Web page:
• Or suffer through slow-loading pages simply because they don't make financial or political sense to the ISP?

Makes you wonder who, exactly, Pai is talking about when he makes sweeping generalizations about what people want.


Learn more about the myths and facts concerning Pai's statements on net neutrality here.


Pai's plan,

"ignores the will of people from across the political spectrum who overwhelmingly support these protections," said Matt Wood, policy director at Free Press, in a statement.


"It ignores the law and the courts, which have repeatedly upheld the 2015 Title II rules.


And it ignores the vibrancy of the internet marketplace following adoption of that 2015 order, with incontrovertible economic data showing that both investment in networks and online innovation are flourishing under the very same rules Pai wants to destroy."




Net Neutrality Explained



Michael Geist and Peter Armstrong

discuss the importance of net neutrality

and explain why it is only one part

of a much larger fight regarding internet

and other electronic services.





The FCC vote on gutting net neutrality rules is slated for mid-December, 2017.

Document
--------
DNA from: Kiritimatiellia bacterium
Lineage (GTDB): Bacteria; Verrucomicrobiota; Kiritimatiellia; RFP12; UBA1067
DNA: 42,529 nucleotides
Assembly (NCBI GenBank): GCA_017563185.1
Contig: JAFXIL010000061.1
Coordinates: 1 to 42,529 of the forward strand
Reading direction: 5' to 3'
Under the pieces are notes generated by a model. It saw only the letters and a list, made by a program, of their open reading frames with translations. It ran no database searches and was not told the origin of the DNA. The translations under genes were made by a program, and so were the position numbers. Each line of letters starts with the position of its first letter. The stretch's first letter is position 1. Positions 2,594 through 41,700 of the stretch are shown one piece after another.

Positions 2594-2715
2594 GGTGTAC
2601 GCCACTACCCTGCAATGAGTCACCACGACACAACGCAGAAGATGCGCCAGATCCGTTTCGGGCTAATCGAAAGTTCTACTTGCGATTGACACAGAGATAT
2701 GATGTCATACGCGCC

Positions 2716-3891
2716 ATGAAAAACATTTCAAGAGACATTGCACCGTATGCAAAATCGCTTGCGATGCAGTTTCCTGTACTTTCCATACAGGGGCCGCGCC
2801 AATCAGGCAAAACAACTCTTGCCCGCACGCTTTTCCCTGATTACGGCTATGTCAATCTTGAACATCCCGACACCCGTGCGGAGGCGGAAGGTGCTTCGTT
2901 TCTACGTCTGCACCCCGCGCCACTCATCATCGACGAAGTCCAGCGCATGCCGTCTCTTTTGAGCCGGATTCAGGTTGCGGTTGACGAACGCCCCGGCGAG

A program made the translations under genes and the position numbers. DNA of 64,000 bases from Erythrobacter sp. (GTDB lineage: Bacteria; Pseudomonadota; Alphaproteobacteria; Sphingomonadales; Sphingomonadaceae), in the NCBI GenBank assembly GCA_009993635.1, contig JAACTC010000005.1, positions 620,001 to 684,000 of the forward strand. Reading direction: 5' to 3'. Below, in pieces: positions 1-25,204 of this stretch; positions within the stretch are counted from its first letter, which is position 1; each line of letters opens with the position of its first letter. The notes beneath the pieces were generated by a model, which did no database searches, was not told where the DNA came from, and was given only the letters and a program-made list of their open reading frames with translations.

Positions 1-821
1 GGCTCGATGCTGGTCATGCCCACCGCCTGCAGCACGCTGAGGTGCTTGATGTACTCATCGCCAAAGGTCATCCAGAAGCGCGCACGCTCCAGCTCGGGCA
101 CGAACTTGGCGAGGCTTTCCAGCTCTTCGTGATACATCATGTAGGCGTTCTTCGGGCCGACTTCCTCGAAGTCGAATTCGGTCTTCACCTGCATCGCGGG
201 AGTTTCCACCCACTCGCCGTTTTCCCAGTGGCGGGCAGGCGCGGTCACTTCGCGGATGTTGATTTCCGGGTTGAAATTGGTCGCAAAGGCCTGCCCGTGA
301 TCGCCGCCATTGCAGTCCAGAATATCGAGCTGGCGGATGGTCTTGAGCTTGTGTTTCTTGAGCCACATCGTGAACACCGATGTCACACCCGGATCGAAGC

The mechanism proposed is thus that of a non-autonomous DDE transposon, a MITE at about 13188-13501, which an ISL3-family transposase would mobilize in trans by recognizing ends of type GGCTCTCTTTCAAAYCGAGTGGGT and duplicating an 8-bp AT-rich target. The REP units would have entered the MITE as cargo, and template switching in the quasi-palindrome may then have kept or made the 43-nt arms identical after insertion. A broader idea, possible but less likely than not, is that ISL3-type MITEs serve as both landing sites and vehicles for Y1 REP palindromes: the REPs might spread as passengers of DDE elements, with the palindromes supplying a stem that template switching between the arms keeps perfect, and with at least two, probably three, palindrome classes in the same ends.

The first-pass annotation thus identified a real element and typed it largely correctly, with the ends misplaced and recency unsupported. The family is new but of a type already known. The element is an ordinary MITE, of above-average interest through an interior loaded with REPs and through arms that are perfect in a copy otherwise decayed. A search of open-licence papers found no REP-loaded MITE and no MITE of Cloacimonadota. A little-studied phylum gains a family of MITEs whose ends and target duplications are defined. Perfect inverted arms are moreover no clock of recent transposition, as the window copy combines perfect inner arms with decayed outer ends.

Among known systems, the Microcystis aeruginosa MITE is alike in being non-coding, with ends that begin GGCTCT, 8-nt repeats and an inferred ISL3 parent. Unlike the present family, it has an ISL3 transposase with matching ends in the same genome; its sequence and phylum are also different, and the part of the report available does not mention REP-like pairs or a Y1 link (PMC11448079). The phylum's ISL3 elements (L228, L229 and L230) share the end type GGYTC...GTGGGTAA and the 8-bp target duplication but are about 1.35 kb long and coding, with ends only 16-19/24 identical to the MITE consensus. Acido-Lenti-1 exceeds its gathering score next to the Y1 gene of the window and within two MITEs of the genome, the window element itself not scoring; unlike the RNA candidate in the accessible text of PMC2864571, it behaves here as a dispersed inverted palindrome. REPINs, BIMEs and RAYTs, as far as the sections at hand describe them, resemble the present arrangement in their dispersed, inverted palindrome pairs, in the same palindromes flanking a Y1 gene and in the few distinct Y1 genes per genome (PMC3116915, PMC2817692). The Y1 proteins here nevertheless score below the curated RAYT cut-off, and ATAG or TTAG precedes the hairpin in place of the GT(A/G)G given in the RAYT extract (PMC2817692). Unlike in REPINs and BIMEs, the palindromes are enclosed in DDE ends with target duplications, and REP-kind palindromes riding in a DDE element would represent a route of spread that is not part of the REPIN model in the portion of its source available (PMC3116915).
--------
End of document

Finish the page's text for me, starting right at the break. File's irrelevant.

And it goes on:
Net Neutrality is Under Serious Attack - Here's How to Keep the Internet Open


The first step is to write the FCC and submit your comment here.


Keep in mind these comments are public records, so it's not a great idea to use a fake name or post racist comments about Pai. Not only does this undermine the credibility of those wishing to support net neutrality, it's just plain bad form overall.


If the FCC does revoke their net neutrality rule established in 2015, it's important to let your representatives know before the vote that you do not agree with the FCC proposal and urge your representative to reform the law.


Contact your representatives with this quick and easy email form from the Electronic Frontier Foundation.


Better yet, put in a phone call to your Congressman and Senators. Contact information is found here. If you can meet in person with your representative, you'll have an even greater impact.


Another important point to remember is to not forget about your state and local leaders.

"In the past, city mayors have been strong advocates for net neutrality protections," says Timothy Karr of the organization Free Press.


"Any member of Congress worth his or her salt will always have an ear to the ground to see what's happening in local politics. Local messages trickle up to Washington."

Local leaders can also make it easier to encourage competition by supporting new internet service providers with access to utility poles, simplifying the process of permits for building new infrastructure, as well as revoking laws which prevent community-owned broadband providers from competing with big telecom corporations.


Moreover, we can vote with our wallets and stand behind broadband providers who truly support net neutrality and Title II classification.


Companies like Sonic (available in the San Francisco Bay Area) and Ting (Virginia, North Carolina and Maryland) have clearly stated they support Title II and net neutrality.